Vodafone, the world's largest mobile phone firm by revenues, reported a slight decline in quarterly organic sales in line with muted expectations and reiterated its full-year outlook, lifting its shares on Friday. The first of Europe's major telecoms carriers to update the market this quarter reported revenues that largely mirrored wider economic developments, with strength in India and South Africa mostly compensating for weakness in Europe.
Organic service revenue fell 2.1% in the quarter to end-June but reported group revenue rose 9.3% to £10.743 billion ($17.74 billion), thanks to positive currency effects and a higher stake in South Africa's Vodacom. Vodafone shares rose 3.6% to 121.1 pence by 0830 GMT, lifting the European telecoms index 1.4%.
Vodafone said it would update the market in November on its progress in cutting 1 billion pounds of costs. It said in May it would speed up its cost-cutting plan.
“We have a relief rally. They delivered in line. They reiterated their guidance and said: 'Wait until November and we'll deliver a good cost-control story,” said analyst Mike Kovacocy of Daiwa Securities. “It's looking like it's going to be one tough slog for the rest of the year.”
Vodafone has guided for adjusted operating profit of between £11 billion-£11.8 billion for its fiscal year to end-March 2010, after making £11.8 billion in its last fiscal year.
The forecast assumes rates of €1.12 and $1.50 to the pound. Currently, the pound is at $1.46 and €1.16, and has been strengthening.
Chief Financial Officer Andy Halford told journalists on a call: “We are very comfortable still with our guidance range. Nothing surprised us in the first-quarter numbers.”
Low expectations also prevailed at US carrier AT&T's results announcement on Thursday. The company pleased the market with a drop in quarterly profit that was less steep than expected and flat sales.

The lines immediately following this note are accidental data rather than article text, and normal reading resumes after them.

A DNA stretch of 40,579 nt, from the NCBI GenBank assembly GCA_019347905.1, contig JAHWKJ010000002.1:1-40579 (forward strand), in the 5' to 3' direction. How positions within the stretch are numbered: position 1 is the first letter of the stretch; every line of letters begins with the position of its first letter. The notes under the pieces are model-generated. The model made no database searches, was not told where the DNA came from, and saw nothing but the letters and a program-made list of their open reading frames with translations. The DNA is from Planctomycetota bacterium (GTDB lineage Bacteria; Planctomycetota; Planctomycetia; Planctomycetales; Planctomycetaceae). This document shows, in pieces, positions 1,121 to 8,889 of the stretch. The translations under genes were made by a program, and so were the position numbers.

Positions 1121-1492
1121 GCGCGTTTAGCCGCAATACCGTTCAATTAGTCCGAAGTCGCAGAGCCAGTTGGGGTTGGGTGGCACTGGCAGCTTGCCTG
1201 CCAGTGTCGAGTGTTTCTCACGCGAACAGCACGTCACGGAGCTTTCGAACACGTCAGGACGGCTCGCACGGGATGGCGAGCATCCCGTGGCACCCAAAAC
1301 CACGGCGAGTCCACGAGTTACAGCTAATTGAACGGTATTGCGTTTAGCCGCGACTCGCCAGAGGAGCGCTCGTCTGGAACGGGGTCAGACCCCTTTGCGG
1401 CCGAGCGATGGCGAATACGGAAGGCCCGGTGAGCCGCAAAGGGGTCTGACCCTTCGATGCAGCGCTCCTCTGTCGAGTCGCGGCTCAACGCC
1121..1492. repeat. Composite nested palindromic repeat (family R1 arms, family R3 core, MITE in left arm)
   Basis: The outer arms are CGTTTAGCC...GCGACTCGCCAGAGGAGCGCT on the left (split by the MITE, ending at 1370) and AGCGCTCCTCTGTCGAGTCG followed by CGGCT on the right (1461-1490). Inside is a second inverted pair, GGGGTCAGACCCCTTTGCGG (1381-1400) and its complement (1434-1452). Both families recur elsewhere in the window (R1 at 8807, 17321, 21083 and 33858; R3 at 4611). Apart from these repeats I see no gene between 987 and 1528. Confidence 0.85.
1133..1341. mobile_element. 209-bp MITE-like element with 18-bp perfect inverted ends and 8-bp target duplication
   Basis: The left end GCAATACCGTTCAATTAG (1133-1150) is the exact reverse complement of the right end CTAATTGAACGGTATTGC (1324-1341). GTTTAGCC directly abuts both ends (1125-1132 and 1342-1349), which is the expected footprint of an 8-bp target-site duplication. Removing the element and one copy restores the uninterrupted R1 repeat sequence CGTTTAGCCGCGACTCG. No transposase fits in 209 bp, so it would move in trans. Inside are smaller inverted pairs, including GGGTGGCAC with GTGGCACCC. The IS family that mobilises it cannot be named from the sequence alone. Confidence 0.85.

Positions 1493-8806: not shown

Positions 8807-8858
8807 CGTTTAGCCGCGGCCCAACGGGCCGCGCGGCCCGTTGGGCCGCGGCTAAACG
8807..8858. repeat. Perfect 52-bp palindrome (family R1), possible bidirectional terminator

Vodafone added 8 million customers in the quarter, taking its proportionate customer base to 315 million. Verizon Wireless, its US joint venture with Verizon Communications, had 1.1 million net customer additions.
Free cashflow rose 21% to £1.896 billion, while the company's net debt at June 30 stood at £31.2 billion.
Vodafone's revenues were also hit in some markets including much of Europe, where it makes about two-thirds of its sales, by regulators' cuts to mobile termination rates, which operators charge each other to connect incoming calls. These now account for about 12% of Vodafone's sales.
Like all carriers, Vodafone is struggling to milk more revenue out of saturated markets in Europe and North America. It has branched out ambitiously into India and parts of Africa, where many people have yet to buy their first phone.
Vodafone's South African sales grew 5.2% on an organic basis, but the rest of Africa was patchier, with Egypt strong but Democratic Republic of Congo and Tanzania weak.
Vodafone said the focus was on squeezing more out of markets in which it is already present, and not on entering new markets.
Speculation has been rife that Vodafone among others may be interested in acquiring parts of Kuwaiti mobile operator Zain's African operations, which Zain is considering selling. (Reuters)